Walking the thin line of tolerance

Two places have stood out for me personally, whenever I wanted to be within myself or more often than not, without. The first is Mani Bhavan in Mumbai, and the second is the Sabarmati Ashram in Ahmedabad. Both are humbling experiences, but they are not belittling ones. I balk at using the word “inspiring” because few, if any of us, can claim to have achieved anything close to the man and the thought behind both institutions.

Every so often, there is an argument in India about why M K Gandhi never won the Nobel Peace Prize. And every so often, we come to the same conclusion, which is: his achievements are neither diluted nor diminished because he did not.

The truth of it: Gandhi is one of the few men in India who faced both criticism and adulation in his lifetime and after, much unlike the sort of hero-worship that Indian society bestows regularly on film stars, cricketers and the occasional politician. Representation Pic/PTI
The truth of it: Gandhi is one of the few men in India who faced both criticism and adulation in his lifetime and after, much unlike the sort of hero-worship that Indian society bestows regularly on film stars, cricketers and the occasional politician. Representation Pic/PTI

It is also true that Gandhi is one of the few men in India who faced both criticism and adulation in his lifetime and after, much unlike the sort of hero-worship that Indian society bestows regularly on film stars, cricketers and the occasional politician. Gandhi asked uncomfortable questions, held himself and others, especially those close to him, to uncomfortable standards, and did not spare himself when it came to searching scrutiny. A man who calls his autobiography My Experiments with Truth is not a man who would choose a fan club over his own contradictions.

But what about Gandhi’s assassin, Nathuram Godse? Was he a much misunderstood cutie-pie who did just one wrong thing in his whole life and has been damned (and hanged) for it since? Ever since the Hindu Mahasabha announced that it is going to put up statues of Godse all over India, some Indian intellectuals have come out batting for Godse. The argument often is that, as a “good liberal”, you have to respect all points of view.

Indeed. So what did Godse do? He shot dead a frail, unarmed old man. The reason was, at best, a political disagreement, and at worst, religious hatred. Assassinating Gandhi did not at that time help Godse’s cause.
And ironically today, Godse has admirers and the Indian polity pays lip service to Gandhi while ignoring most of what he stood for. Can we indeed pat ourselves on the back for our immense tolerance of all viewpoints?

For some in the BJP and the Sangh Parivar, though, the Hindu Mahasabha’s call for Godse statues is a trifle embarrassing, since Prime Minister Narendra Modi has been trying to appropriate Gandhi for his party. And then there’s the man whom the Sangh Parivar has long tried to appropriate, Sardar Vallabhbhai Patel, who banned the RSS after Godse assassinated Gandhi. The connections between segments of the Sangh Parivar are not as tenuous as their friends outside like to pretend.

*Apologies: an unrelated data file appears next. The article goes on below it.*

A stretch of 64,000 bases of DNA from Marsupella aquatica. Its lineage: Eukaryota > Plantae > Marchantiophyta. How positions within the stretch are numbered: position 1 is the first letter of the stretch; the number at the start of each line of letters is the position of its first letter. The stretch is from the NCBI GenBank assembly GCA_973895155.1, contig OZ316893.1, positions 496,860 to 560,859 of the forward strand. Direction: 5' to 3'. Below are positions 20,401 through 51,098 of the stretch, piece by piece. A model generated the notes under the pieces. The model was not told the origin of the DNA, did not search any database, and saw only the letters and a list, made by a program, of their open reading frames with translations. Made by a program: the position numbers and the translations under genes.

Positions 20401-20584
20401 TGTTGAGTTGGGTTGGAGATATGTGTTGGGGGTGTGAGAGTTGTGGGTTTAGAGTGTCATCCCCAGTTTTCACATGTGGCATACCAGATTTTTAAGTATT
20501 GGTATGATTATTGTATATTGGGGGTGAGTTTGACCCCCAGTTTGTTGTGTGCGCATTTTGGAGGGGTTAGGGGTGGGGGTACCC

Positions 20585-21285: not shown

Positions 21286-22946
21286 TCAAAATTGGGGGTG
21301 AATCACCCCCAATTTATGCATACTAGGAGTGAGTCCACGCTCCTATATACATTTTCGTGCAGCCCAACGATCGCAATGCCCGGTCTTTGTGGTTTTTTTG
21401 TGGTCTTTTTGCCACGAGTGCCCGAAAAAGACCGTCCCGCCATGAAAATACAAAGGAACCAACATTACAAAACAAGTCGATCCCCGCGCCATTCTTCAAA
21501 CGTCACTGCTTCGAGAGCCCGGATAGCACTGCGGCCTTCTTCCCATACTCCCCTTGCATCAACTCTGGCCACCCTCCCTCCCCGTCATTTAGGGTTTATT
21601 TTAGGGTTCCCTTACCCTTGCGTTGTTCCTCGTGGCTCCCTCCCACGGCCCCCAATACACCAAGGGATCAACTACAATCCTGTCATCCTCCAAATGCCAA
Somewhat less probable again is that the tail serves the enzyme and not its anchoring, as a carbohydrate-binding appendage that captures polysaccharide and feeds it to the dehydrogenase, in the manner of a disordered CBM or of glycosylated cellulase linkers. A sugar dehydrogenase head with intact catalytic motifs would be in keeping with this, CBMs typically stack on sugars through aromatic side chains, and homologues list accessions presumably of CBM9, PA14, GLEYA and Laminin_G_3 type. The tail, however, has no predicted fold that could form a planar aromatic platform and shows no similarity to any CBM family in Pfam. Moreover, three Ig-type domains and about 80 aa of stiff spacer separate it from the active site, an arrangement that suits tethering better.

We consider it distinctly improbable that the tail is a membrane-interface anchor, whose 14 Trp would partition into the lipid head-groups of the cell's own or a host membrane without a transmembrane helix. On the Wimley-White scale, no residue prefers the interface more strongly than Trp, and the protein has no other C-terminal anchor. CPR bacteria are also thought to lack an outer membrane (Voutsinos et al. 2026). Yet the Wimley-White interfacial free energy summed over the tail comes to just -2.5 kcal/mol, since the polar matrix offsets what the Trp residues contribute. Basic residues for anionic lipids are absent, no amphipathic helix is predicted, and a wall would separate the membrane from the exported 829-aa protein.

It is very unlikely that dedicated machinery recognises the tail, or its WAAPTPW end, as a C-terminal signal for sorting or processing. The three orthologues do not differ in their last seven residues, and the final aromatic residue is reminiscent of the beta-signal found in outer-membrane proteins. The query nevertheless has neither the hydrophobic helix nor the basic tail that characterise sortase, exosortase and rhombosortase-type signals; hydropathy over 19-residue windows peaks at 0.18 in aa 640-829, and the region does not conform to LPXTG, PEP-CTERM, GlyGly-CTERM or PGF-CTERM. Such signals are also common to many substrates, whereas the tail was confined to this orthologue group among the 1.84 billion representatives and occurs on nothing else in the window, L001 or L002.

The Hindu Mahasabha may not be as influential as it once was, but it is an essential block in the history of the Hindutva movement. Not quite the “fringe element” we are being made to believe. And all segments of the larger Sangh Parivar have found the loudspeakers ever since the BJP came to power at the Centre in May, 2014. Regressive thought processes, fantastical history, religious supremacism, anti-minority rhetoric and action it’s all back at centre stage.

Back to Godse then, who had no doubt that he would pay the price for what he had done. He made no excuses unlike his current-day apologists and his explanation for killing Gandhi rests almost solely on what he considers Muslim appeasement he refers to Gandhi as the “Father of Pakistan”. In that phrase lies the kernel of every insult that every person in India who does not hold allegiance to the Hindutva ideology has to hear every day. Godse killed on a hate principle.

Mistaken, controversial, difficult though Gandhi may have been, but he still stands at the opposite end of the hate principle. In spite of every effort made by Indian politicians, Indian society, wannabe intellectuals and the might of the Hindutva army, he withstands. Killing Gandhi did not take help Godse’s cause. Making excuses for Godse is an even weaker attempt. But, it’s alright. A few moments alone in Mani Bhavan or the Sabarmati Ashram might make you feel better. Try it. Being tolerant after all cuts both ways.

Ranjona Banerji is a senior journalist. You can follow her on twitter @ranjona

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1 Comments

  • Capt Sekhar24-Dec-2014

    Well Said Ranjona.There is hardly a reason for deciding to take sides 60 years after an event.You put it perfectly. Hate has no place in our society. Or it shouldn't.

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